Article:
The Internal Revenue Service released guidance Wednesday to give tax relief to residents of Puerto Rico and the U.S. Virgin Islands who have evacuated the islands or were unable to return because of Hurricanes Irma or Maria.

The relief extends the typical 14-day absence period to 117 days (starting Sept. 6, 2017 and ending December 31, 2017) for the presence test for residency under the tax rules. Someone who is absent from either U.S. territory on any day during this 117-day period will be treated as leaving or unable to return to the territory as a result of Hurricanes Irma and Maria on that day.

There are some exceptions to the general 183-day presence test, the IRS pointed out. They require individuals to be in the location where they claim residence for 183 days during the tax year. Generally, residents can include up to 14 days within the 183-day period because of a declared disaster.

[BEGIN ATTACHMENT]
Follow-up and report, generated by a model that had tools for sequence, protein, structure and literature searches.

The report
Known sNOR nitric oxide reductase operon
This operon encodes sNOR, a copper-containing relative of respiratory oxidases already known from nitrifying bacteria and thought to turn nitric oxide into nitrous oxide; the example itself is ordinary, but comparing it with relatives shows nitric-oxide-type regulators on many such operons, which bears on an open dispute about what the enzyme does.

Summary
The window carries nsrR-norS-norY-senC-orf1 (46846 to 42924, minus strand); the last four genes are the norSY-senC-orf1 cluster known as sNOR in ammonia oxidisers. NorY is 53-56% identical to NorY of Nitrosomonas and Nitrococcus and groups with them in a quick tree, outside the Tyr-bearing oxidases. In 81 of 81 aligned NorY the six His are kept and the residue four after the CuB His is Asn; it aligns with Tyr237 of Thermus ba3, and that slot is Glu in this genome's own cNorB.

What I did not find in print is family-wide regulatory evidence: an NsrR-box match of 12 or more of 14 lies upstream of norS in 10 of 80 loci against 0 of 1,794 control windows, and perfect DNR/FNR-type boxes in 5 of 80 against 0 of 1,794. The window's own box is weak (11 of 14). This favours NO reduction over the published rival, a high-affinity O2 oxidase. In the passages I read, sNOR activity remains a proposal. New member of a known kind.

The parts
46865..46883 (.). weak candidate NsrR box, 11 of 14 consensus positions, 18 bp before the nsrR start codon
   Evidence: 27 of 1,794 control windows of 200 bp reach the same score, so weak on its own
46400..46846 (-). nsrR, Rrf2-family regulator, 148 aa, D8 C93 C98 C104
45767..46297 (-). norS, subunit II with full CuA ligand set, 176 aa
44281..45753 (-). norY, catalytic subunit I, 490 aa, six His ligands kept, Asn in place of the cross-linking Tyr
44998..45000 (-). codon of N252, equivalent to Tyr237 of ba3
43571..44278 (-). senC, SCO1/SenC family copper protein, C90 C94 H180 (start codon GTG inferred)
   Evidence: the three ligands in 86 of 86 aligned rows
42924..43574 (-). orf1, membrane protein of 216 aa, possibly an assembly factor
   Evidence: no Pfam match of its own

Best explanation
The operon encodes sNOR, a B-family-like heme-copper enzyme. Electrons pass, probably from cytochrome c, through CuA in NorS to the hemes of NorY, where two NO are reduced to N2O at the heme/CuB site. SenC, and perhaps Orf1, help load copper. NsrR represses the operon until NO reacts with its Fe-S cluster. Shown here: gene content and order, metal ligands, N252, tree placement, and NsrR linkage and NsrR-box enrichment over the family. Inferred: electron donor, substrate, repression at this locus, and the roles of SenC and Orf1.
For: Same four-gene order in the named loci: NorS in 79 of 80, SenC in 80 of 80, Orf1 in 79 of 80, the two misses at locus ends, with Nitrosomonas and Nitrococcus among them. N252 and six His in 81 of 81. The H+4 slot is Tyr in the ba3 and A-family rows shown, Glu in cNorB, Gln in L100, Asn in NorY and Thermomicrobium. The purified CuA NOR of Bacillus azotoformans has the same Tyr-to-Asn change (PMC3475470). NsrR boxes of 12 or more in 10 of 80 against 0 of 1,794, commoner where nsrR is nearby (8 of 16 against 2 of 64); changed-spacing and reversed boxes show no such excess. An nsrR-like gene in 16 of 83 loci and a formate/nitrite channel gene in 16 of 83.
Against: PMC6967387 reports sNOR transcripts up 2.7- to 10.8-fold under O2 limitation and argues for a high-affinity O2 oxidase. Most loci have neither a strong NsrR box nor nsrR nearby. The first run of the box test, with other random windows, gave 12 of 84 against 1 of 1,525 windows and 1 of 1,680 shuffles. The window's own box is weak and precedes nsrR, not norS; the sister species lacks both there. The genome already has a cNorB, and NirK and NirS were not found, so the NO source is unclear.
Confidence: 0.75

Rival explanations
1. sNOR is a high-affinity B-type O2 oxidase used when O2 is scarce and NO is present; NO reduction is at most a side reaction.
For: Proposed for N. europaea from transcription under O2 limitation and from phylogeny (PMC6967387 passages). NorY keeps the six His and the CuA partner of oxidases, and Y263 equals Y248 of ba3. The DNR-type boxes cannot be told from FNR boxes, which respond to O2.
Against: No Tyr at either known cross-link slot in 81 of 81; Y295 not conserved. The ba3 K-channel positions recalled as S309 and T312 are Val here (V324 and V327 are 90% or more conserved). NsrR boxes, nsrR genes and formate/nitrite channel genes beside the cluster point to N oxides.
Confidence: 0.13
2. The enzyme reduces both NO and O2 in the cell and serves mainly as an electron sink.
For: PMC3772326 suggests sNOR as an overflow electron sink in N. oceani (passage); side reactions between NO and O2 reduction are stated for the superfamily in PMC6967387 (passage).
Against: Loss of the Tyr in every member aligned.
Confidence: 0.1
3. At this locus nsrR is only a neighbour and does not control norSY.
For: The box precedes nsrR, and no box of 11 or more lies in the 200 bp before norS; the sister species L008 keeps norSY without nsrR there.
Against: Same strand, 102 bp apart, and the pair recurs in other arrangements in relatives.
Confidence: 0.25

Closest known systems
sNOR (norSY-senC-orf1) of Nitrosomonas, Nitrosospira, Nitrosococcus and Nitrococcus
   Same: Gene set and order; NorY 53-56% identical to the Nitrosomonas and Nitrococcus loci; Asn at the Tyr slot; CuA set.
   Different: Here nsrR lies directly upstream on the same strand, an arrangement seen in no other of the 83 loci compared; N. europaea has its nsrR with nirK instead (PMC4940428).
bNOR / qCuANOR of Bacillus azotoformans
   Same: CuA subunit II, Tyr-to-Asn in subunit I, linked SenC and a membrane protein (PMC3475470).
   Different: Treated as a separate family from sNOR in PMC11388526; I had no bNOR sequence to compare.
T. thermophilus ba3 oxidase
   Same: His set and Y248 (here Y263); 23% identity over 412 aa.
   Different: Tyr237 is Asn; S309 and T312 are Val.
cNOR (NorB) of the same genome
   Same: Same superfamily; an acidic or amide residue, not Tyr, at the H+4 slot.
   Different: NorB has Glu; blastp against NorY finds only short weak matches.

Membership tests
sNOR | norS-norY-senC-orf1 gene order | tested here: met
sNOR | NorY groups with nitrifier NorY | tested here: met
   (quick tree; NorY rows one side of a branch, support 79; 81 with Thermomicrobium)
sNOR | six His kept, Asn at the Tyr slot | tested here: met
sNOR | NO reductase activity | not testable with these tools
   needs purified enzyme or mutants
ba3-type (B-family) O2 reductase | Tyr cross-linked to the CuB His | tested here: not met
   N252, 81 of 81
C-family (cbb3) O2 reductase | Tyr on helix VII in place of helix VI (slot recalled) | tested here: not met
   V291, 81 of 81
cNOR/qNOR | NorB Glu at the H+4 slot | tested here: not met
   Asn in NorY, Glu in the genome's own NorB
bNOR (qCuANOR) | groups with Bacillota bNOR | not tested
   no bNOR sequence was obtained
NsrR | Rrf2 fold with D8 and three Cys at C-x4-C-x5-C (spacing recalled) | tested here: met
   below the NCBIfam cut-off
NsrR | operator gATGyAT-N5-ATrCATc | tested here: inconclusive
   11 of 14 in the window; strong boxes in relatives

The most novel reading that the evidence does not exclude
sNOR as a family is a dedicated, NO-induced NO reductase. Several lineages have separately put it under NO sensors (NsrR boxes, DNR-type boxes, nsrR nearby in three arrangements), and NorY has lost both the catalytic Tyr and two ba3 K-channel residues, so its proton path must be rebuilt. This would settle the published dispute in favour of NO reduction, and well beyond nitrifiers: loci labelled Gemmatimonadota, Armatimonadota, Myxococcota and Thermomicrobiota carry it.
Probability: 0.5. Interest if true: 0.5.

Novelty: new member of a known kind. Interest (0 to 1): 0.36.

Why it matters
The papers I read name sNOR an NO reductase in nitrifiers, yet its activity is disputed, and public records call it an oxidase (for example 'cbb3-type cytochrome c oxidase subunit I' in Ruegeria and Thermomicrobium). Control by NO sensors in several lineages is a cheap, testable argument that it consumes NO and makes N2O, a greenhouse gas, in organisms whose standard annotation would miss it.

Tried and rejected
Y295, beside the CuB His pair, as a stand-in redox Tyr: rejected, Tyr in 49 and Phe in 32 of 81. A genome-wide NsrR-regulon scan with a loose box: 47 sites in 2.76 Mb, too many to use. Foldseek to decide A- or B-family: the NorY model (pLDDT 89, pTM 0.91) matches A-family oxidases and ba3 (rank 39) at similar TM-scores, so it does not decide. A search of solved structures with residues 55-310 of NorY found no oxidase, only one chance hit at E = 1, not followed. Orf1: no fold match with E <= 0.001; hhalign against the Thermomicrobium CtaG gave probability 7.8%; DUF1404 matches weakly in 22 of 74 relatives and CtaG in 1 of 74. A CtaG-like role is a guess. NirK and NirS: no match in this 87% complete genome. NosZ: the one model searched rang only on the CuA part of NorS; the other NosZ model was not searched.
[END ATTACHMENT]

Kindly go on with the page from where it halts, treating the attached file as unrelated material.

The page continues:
Nevertheless, because of the catastrophic damage caused by the monster storms to Puerto Rico and the U.S. Virgin Islands, the Federal Emergency Management Agency issued Notices of a Presidential declaration of a major disaster for both territories. In Notice 2017-56, which the IRS issued Wednesday, the agency extended that 14-day period to 117 days.

Publication 570 includes an explanation of the presence test for residents of U.S. territories such as Puerto Rico and the U.S. Virgin Islands.

Notice 2017-56 offers relief to residents of Puerto Rico and the U.S. Virgin Islands who evacuated or couldn’t return because of Hurricanes Irma or Maria. Most individuals can otherwise lose their status as “bona fide residents” of Puerto Rico or the U.S. Virgin Islands for tax filing and reporting purposes. Notice 2017-56 extends the usual 14-day absence period to 117 days, beginning Sept. 6, 2017 and ending Dec. 31, 2017, for the presence test for residency under the tax rules. An individual who is absent from either U.S. territory on any day during the 117-day period will be treated as leaving or being unable to return to the relevant U.S. territory as a result of Hurricane Irma and Maria on that day.

A resident shovels debris after Hurricane Maria in Arecibo, Puerto Rico.
A resident shovels debris after Hurricane Maria in Arecibo, Puerto Rico. Alex Wroblewski/Bloomberg

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Michael Cohn

Michael Cohn

Michael Cohn, editor-in-chief of AccountingToday.com, has been covering business and technology for a variety of publications since 1985.